A couple of weeks ago Santa Pod hosted the start of another European Drag Racing Championship year at the Main Event. This annual race weekend has been round 1 of these Championships every year since their inception.

As always, the meeting produced some great racing and with it being the Pod’s 50th anniversary, there was also really good coverage in event programmes and around the venue detailing the history of Drag Racing at the track. This has inspired me to use this blog entry to look back at some of the best performances at the Main Event from over the years.

I am not necessarily including just record-breaking runs, but a brief look at a few racers who have won this opening round of the Championship and used it to show they mean business and go on to become Champion in their class for that year. Winning the Main Event does not guarantee a Championship – but it’s a good start!

Niclas Andersson, Pro Stock – (29th – 31st May) 1999

Niclas Andersson is one of the best drivers in European Drag Racing history. The majority of the Swede’s success came in Pro Stock where he won four consecutive Championships largely due to the quality of his driving. After winning his first title as a rookie in 1998, ’99 was his most dominant year and it began with him rolling into the Main Event with the number 1 on the side of his car, taking the top qualifying spot and fighting through a tough field in eliminations to get the win. Over the course of this season Andersson only lost one race (ONE!) and was Champion even before the European Finals, which he still won just to show off his superiority.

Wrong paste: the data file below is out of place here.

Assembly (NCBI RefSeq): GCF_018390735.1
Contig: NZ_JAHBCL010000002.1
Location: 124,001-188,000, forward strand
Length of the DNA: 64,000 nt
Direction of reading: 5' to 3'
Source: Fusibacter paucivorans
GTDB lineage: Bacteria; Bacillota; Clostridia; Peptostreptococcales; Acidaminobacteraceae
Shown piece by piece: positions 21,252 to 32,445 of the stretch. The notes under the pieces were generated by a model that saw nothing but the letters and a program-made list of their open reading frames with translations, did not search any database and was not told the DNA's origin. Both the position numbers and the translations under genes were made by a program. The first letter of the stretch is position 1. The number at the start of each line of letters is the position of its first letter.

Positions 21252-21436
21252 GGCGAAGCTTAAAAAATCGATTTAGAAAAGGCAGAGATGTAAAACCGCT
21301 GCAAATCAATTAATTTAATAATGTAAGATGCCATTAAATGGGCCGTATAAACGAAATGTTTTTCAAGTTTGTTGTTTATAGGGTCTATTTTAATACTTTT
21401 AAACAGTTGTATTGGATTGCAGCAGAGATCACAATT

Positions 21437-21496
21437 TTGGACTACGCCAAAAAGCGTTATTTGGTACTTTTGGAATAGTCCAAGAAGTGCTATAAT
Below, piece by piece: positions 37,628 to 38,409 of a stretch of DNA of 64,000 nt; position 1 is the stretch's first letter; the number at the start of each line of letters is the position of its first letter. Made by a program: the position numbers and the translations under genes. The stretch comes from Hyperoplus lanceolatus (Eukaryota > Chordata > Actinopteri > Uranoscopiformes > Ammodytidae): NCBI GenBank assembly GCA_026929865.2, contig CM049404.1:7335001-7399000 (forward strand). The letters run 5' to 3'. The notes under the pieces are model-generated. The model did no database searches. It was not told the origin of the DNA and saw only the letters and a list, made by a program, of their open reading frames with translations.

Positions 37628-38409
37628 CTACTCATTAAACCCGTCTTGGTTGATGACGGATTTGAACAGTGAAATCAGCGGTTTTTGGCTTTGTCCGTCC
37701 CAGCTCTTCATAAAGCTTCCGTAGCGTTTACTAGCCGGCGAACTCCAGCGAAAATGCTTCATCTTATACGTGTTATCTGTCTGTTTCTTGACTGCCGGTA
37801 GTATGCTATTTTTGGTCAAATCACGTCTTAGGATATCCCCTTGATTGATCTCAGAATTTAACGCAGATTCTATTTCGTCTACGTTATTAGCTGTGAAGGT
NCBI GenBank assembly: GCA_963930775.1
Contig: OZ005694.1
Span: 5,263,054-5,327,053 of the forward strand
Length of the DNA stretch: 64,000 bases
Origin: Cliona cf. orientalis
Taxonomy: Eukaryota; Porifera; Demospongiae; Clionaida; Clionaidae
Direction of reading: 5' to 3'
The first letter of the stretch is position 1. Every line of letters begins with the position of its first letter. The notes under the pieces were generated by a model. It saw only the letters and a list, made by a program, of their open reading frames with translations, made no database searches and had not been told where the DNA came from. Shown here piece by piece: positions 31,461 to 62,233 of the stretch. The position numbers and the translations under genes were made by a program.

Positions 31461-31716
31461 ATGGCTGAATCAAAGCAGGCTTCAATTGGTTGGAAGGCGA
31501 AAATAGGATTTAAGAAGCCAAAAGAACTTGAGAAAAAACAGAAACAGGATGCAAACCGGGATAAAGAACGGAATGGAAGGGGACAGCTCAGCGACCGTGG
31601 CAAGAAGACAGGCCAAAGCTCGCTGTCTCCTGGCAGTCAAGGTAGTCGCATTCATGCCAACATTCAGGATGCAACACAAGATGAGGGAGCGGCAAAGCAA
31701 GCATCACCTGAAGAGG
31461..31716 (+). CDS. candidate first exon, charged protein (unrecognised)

Kim Reymond, Top Fuel – (1st – 3rd June) 2002

The 2002 Main Event will forever be remembered for the amazing side-by-side passes in qualifying by Brits Barry Sheavills and Andy Carter that wrote all sorts of records. That run is its own story altogether that I will certainly tell in the future! While that excitement was taking place Denmark’s Kim Reymond was keeping his focus on his weekend. With Sheavills and Carter chasing after records, it was really cool watching Reymond and his team get to work in eliminations; beating first a broken Sheavills in the semis, then Carter in the final with a milestone run of their own – their first four-second pass at 4.994. Reymond was also victorious at the last two events of the year to seal the Championship.